Morten Reistad wrote:
> In article <E1r7l.250857$Mh5.218...
> Stephen Fuld <S.F...
>> Jean-Marc Bourguet wrote:
>>> Stephen Fuld <S.F...
>>>> Terje Mathisen wrote:
>>>>> Stephen Fuld wrote:
>>>>>> Terje Mathisen wrote:
>>>>>>> There is nothing stopping Intel from making hybrid chips, with maybe
>>>>>>> 1-4 Core2 class "fast" cores and 30-60 LRB-style
>>>>>>> power-efficient/throughput-optimized cores.
>>>>>> Yes, but as Anton pointed out, the OSs will take time to figure out how
>>>>>> to deal with this well.
>>>>> Various bleeding-edge Linux versions and probably *BSD as well will
>>>>> support such a hybrid chip from day one, while Microsoft's Windows 7 (or
>>>>> 8, 9 etc) will need major surgery and significant lead time.
>>>> I've been thinking about this a little. If the number of "threads"
>>>> (i.e. units of work requesting CPU time whether they be single thread
>>>> processes or threads of a multi-thread process) is =< the number of fast
>>>> processors, then it seems trivial. But if the number of requesters is
>>>> greater than the number of fast processors, is there a general algorithm
>>>> for the OS to decide (without any information from the requesters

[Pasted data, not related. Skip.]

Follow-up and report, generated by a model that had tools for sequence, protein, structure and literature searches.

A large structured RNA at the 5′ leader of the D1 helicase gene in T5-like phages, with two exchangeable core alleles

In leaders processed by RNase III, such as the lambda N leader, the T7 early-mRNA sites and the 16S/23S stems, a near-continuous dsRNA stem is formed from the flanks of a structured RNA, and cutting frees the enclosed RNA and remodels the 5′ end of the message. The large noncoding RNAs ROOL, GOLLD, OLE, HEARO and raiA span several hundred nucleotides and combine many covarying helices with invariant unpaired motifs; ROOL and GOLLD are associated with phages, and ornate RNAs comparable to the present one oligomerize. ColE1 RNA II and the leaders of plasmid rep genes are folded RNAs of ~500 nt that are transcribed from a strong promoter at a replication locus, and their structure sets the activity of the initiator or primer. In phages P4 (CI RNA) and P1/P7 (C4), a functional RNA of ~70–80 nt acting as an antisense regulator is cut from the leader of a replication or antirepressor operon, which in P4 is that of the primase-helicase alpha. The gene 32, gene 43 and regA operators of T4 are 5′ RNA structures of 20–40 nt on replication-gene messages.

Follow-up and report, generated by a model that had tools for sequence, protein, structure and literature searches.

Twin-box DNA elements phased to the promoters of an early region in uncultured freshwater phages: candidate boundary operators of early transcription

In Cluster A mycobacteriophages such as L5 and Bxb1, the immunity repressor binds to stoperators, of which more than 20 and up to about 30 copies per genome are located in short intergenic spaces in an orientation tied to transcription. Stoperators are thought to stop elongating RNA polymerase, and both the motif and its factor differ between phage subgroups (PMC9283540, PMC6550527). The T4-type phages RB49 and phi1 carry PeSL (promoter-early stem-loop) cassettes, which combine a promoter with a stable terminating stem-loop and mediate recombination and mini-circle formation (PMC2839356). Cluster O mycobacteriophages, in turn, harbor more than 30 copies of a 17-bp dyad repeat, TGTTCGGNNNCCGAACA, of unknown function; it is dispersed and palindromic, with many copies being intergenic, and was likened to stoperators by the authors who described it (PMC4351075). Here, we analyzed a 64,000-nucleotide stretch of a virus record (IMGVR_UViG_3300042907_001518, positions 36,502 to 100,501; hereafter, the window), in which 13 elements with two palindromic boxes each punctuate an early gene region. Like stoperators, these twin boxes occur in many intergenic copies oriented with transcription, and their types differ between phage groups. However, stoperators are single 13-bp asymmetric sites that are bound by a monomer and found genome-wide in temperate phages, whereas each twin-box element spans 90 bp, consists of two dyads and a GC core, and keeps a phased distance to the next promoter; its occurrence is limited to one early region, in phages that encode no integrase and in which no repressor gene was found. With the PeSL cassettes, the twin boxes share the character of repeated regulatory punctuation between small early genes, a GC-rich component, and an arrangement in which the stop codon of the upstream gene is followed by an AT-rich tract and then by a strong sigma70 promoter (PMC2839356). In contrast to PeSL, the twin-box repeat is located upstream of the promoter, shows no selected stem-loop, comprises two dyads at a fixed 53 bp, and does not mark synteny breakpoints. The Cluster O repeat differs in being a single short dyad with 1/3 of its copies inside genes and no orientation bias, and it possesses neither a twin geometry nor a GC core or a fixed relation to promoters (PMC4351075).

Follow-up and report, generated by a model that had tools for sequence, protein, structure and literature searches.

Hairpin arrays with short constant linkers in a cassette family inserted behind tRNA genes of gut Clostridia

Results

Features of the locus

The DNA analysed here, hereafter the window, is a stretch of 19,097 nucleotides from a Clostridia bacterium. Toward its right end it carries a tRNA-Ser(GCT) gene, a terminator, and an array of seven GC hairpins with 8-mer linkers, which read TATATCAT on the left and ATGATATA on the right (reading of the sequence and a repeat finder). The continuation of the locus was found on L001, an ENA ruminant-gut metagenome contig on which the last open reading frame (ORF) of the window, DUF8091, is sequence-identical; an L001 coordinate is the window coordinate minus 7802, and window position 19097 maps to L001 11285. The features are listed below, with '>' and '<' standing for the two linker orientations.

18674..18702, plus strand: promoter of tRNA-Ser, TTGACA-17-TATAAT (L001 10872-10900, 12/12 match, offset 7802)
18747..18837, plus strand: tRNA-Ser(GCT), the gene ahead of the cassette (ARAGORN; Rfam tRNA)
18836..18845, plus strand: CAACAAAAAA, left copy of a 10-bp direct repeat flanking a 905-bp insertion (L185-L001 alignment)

>>>> themselves) which ones are given time on the fast processors? ISTM this
>>>> could get complex very quickly and I don't see an easy solution.
>>> Migrate to the fast processors the process which use their full time slice
>>> without yielding it back -- and migrate of those which aren't consuming
>>> theirs -- seems an obvious first approach. It's in fact the same processes
>>> which get benefit from a longer time slice but less often.
>> I think this has some problems. For example, what if more tasks are
>> compute bound than you have fast processors? Also I guess you could
>> have a situation where you were running something like protein folding
>> at home which is a background task that soaks up all available CPU time.
>> A naive algorithm could then schedule it on the fast core when in
>> fact it doesn't contribute the higher priority work the customer really
>> wants done.
> Isn't this what the priority (PR in top, PRI in ps in Linux) field is for?
Probably. But at least on my current Windows system, I just checked and
the overwhelming majority of the tasks are at priority "normal". Note
that this includes most of the Windows services as well as the
"background" tasks that only get control once in a while to check for
updates, etc. So that mechanism seems to rely on the programmer putting
something in his program and understanding enough to be able to do it
intelligently. I am, at best, dubious that most software that people
either buy from the local store or Amazon, or download from some web
site will do this well enough for the system to rely on it.
- Stephen Fuld
(e-mail address disguised to prevent spam)